Mr. Hassanshahi was charged with conspiring starting in March 2009 to export or cause to be exported goods and technology from Canada to Iran, and related services from the US to Iran, without obtaining the license required under federal law. Subsequently, he moved to suppress evidence obtained through a forensic analysis of a laptop seized from him at Los Angeles International Airport on January 2012, arguing that the evidence was the product of an unlawful search of a law enforcement database. In response, the government refused to provide details about the database. In accord with the government’s position, Judge Rudolf Contreras assumed arguendo that the database was unconstitutional, but denied suppression on the ground that the discovery of the evidence on the laptop was too removed from the search of the database. United States v. Hassanshahi, 75 F. Supp. 3d 101(D.D.C.2014). Nonetheless, the judge ordered the government to provide more information about the database.
Denial of motion for reconsideration
On January 15, 2015, the government revealed that starting in 1992, the United States Justice Department and Drug Enforcement Agency (DEA) had amassed metadata on all telephone calls from the United States to as many as 116 of the 195 countries recognized by the US. In the light of this and the decision of the United States Court of Appeals for the Second Circuit in May 2015 in ACLU v. Clapper, 785 F.3d 787, Mr. Hassanshahi asked the Court to revisit its refusal to suppress the evidence recovered from his laptop.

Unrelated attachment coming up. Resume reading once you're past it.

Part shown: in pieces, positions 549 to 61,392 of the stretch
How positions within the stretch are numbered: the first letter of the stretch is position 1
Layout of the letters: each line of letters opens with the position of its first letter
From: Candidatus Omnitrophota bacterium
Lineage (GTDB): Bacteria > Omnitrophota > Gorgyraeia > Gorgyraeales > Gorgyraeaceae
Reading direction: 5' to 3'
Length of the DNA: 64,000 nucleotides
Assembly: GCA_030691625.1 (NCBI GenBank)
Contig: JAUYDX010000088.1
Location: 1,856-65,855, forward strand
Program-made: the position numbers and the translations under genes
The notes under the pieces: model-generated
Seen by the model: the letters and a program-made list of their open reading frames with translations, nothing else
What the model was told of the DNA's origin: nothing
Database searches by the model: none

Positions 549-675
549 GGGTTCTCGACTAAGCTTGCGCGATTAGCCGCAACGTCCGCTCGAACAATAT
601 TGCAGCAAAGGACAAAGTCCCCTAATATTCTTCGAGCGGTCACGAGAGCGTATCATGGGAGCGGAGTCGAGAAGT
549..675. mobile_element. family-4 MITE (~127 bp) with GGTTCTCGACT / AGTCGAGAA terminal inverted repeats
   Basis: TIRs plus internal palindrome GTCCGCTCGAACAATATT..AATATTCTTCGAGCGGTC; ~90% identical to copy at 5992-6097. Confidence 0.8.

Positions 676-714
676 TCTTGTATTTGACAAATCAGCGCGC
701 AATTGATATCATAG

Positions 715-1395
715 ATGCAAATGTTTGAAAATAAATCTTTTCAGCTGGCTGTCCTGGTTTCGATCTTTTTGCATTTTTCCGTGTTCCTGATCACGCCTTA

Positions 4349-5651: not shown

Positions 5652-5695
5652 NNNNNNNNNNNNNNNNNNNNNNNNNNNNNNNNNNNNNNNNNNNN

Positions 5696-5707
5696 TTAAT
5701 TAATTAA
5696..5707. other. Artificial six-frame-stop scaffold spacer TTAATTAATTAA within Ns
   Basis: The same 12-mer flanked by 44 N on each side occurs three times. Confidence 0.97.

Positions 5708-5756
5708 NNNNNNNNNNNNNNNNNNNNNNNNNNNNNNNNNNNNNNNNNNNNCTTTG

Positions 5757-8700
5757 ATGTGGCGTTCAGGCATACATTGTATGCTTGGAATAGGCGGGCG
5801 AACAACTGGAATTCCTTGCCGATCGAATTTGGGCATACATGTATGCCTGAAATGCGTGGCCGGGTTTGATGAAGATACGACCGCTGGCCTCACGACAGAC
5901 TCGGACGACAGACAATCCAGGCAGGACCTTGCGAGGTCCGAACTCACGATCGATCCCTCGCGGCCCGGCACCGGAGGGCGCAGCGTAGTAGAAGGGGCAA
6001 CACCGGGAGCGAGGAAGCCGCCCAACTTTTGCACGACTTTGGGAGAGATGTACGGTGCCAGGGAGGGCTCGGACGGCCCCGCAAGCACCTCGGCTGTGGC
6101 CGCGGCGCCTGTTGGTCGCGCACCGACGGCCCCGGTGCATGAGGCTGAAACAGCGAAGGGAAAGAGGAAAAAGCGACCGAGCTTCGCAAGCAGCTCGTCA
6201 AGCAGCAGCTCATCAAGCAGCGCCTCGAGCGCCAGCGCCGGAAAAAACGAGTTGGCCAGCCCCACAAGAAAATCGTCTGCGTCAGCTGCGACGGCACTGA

The government revealed that the DEA had assembled its bulk telephony metadata database by issuing administrative subpoenas to telecommunications companies under 21 U.S.C. Sec. 876. As a result of a search at Homeland Security Investigations’ (HSI) behest, the DEA had obtained and disseminated Mr. Hassanshahi’s telephone number to HSI.
On reconsideration, the defendant argued that the evidence obtained from his laptop should be suppressed because 21 U.S.C. Sec. 876 (“Sec. 876”) neither authorized the assemblage of the DEA’s bulk metadata database nor allowed information in the database to be disseminated to other government agencies. The government countered that individuals were not empowered to bring judicial challenges to subpoenas issued to third parties under Sec. 876. Holding that a violation of Sec. 876 would not give rise to a suppression remedy, the Court declined to reach the jurisdictional issue or to decide whether Sec. 876 limits the DEA’s ability to disseminate information to other government agencies.
On reconsideration, the Court assumed, as per the government’s initial offer, that both the assemblage of the DEA’s database and its search at HSI’s behest were unconstitutional. Nonetheless, the Court held that neither the government’s revelations about the DEA database nor the Second Circuit’s decision in ACLU v. Clapper in May 2015 warranted reversing its initial ruling that the discovery of the evidence on Mr. Hassanshahi’s laptop was too removed from the assemblage and search of the DEA database for the evidence to be suppressed.